Air Humidity

Hygrometers and Thermohygrometers

Depending on the temperature, ambient air is able to absorb a certain percentage of water and it can also release its humidity to the environment. In industrial processes, in warehouse storage, in museums, libraries and even in dwellings and at workplaces the effects of high or low air humidity can cause damages to products, objects and also to health.
For this reason, monitoring of the relative air humidity is necessary, and this can be done by means of hygrometers, which are often combined with thermometers (thermohygrometers) and which then can also indicate temperature and dew point.

A Hygrometer is an instrument used to measure the quantity of water vapour present in air. Hygrometers can measure relative humidity over the range of 0 to 100% RH, but in most instruments, this range may be more limited depending on the sensor type. Relative humidty is expressed as the ratio of the amount of water vapour present in the air or gas, to the quantity which would reach saturation, saturation being 100%.

Hygrometers for Industry

In many manufacturing processes the measurement of relative humidity (%RH) is important, as many products are sensitive to variations in humidity. Therefore humidity needs to be measured and controlled for teh end products to be consistent in both quality and performance.

There are a wide range of applications for % RH measurement in the following industries:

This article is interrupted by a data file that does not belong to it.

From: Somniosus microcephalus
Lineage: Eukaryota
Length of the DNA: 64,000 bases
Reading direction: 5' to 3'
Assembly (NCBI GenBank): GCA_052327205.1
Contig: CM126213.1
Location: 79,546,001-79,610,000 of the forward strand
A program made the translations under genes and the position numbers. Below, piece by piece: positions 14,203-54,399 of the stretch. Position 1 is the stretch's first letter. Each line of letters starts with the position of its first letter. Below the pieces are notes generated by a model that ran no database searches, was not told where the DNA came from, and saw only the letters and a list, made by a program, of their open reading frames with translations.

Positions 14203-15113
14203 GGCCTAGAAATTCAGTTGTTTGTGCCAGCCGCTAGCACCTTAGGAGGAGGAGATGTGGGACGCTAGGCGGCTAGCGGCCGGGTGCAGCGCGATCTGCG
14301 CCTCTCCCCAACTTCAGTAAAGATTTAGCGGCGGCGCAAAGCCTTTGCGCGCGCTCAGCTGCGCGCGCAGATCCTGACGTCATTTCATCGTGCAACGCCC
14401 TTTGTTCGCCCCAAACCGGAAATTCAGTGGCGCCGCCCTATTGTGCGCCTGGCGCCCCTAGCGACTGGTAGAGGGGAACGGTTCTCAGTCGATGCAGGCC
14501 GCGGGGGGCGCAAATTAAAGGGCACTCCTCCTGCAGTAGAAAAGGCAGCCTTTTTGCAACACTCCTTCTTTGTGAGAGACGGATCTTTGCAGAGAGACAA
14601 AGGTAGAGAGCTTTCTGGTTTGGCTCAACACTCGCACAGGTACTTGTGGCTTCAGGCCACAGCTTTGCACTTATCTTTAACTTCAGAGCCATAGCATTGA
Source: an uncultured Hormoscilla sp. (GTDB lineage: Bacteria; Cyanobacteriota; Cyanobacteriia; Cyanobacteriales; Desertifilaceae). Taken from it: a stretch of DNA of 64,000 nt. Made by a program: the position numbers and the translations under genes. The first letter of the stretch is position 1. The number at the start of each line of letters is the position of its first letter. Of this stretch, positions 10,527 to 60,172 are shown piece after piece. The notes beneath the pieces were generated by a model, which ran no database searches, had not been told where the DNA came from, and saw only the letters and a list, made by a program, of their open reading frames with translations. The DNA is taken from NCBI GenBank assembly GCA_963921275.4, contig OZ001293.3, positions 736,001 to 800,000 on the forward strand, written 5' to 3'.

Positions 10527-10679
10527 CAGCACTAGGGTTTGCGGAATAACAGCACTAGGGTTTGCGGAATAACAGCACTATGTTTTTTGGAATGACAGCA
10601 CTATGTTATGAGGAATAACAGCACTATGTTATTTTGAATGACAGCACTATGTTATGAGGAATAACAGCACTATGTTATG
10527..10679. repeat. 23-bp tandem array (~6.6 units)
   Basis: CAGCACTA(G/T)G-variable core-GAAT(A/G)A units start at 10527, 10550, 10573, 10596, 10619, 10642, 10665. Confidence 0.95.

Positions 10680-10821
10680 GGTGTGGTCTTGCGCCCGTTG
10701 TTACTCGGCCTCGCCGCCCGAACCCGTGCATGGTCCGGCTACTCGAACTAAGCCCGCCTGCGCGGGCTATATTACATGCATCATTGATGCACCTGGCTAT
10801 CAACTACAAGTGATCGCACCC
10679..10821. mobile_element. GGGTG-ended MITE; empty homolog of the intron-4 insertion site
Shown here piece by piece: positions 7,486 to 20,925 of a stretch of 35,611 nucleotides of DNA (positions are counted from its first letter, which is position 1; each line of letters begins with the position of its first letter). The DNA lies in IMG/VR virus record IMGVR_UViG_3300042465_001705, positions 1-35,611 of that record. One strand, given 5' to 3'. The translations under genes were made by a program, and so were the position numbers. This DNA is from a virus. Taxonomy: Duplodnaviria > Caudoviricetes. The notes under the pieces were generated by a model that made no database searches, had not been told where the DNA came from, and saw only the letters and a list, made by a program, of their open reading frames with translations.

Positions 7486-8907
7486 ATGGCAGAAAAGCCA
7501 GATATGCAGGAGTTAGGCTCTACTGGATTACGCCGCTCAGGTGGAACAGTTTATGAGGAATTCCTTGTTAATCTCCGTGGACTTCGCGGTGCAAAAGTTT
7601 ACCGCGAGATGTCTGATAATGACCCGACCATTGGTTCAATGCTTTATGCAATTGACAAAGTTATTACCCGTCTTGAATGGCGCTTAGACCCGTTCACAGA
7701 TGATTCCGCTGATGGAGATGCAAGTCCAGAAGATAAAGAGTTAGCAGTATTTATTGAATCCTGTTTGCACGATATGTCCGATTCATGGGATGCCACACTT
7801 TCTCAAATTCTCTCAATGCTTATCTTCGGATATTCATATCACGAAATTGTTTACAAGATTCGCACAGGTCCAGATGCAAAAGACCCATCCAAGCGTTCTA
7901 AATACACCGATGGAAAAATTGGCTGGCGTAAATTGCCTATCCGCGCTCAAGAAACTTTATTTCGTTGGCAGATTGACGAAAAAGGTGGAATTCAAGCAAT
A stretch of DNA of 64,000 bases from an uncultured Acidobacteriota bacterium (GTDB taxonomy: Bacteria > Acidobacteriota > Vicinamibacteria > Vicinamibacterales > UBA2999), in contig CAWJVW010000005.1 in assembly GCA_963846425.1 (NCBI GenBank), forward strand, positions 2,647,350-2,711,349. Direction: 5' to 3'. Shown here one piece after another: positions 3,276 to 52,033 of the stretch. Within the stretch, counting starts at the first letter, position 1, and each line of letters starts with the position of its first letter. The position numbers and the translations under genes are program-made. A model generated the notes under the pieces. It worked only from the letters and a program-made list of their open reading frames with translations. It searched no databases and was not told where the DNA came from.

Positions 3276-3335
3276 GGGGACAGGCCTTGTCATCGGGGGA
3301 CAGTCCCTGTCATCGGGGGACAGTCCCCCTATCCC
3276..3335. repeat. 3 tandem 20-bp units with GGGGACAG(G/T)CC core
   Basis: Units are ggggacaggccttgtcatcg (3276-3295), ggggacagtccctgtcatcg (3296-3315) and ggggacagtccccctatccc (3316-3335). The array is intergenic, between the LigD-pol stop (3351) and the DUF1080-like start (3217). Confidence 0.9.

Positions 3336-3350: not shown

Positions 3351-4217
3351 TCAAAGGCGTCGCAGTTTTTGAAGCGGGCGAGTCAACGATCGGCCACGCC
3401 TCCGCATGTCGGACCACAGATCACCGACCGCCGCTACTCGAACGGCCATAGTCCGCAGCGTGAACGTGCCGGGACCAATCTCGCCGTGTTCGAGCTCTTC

• pharmaceutical
  • electronic component production
  • food processing
  • building and construction
  • livestock
  • paper mills
  • computer rooms
  • healthcare
  • The pharmaceutical industry is one of the largest users of humidity instrumentation as products can be sensitive to variations in humidity levels. Food manufacturing processes rely on humidity control, as food preservation techniques are often focused on limiting the activity of water.
    Paper and paper based products are highly sensitive to humidity and moisture levels.
    During production, storage and distribution, the monitoring of humidity can have significant benefits on quality.

    Monitoring Humidity for Better Health

    Humidity is an essential element of climate control in buildings for optimum comfort and energy conservation.
    If a building is too damp and the humidity level ist too high (above 70%RH), not only does mould develop but it can encourage dust mites to breed in carpets and mattresses.
    Conversely, if the humidity level is too low (below 25%RH) it can cause respiratory discomfort. Ther regular monitoring of humidity levels in building can improve health.

    Dew Point

    The dew point is defined as the lower temperature to which air must be cooled in order for condensation (saturation) to occur. The dew point is dependent on the concentration of water vapour (%RH) present.

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